Now, I know that a lot of church plants will fail. And so perhaps that will end up being a ‘waste of money’ as well. However, it seems like it holds a least a little more potential for establishing missional churches in the denom. I think I could ramble from here, and probably have already started. I’m just saying that I’m struggling come to a conclusion in my mind about how I would feel about adding ‘re-launches’ to this proposal.

  10. Jonathan,

    Thanks for sharing your feelings. Here’s why I am in favor of the “re-launch” idea: 1) We have THOUSANDS of potential re-launches out there just waiting. It’s the exact thing that is needed for 80% of our churches. If we do not promote the idea of re-launching them, what will we do with these thousands of churches? Wait on them to die so we can sell their property and get missional? Why wait for the slow process of a 15 year death??? Let’s get missional with them NOW. 2) While I did not plant Daystar Church, we are currently planting a church in the Birmingham area and there is so much uncertainty. Basically, we are supporting them for about 9 mos. and then….who knows what happens? We do know that in about 2 years over 90% of the churches that launched today won’t be around! So it seems to me that a re-launch model is maybe a “safer” investment from a fiscal standpoint. 3) This is probably the biggest reason. The last 6 years (since our re-launch) has been the ride of my life and IT’S NOT ROCKET SCIENCE!!! We are actually working on a “Church re-launch in a box” model that we could market to potential turnaround pastors. I would love to someday soon put together a network of guys and help them in the turnarounds.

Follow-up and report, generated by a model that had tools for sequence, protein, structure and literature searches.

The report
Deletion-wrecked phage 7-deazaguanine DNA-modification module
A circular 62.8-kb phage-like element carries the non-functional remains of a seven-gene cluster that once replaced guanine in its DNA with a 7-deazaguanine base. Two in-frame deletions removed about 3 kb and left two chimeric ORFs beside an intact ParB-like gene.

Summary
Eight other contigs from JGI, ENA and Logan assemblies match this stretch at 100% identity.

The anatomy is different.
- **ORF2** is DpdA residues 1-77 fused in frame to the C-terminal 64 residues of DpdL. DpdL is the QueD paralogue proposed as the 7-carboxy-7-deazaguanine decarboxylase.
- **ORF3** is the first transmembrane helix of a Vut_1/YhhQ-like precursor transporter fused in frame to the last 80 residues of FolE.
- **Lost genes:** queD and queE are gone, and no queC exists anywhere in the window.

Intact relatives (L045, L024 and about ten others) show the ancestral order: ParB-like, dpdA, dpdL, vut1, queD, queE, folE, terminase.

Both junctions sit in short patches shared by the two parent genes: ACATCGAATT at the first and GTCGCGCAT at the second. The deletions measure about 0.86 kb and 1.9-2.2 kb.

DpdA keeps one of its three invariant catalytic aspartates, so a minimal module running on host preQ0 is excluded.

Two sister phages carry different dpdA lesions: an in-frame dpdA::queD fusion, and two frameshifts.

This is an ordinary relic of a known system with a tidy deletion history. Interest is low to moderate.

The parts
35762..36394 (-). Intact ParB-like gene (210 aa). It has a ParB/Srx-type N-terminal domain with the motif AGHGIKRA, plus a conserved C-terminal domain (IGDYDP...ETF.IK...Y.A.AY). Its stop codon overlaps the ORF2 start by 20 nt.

Now, to be honest, I also have a list of reasons why the turnaround/re-launch model is risky. Beginning with George Barna’s statement that “you are more likely to get struck by lightening than to turn around a church.” However, I personally know of 2 awesome turnaround stories going on in Alabama right now (Daystar and Pathway) and I just think it could be done elsewhere, too.

  11. Guys,

    A couple thoughts :

    1. As you can see there is nothing that prohibits re-launching a church currently in the minutes. Daystar has done it. Steve Parrish in Vancouver, Ca has done it. We’ve done it in Homestead. The amendment that I submitted in no way hinders relaunch efforts.

    2. Church plant survival rates are higher than 90% after 2 years. The most current research across denominational lines shows a 60% success rate after 3 years. The key to survivability? Appropriate expectation. If you go into a plant thinking you are Rick Warren, in two years when you only have 70 people, you feel like a failure. 70 people after 2 years is actually above average.

    3. The main focus of this proposal is to stop the bleeding. Properties disappear from our states with nothing to show for them. The funds disappear when they have no purpose.

    4. Currently, our greatest problem in church planting is that we have more church planters than we have money. If we pass this proposal, we could actually shift our problem to having more money than we have qualified church planters.</b?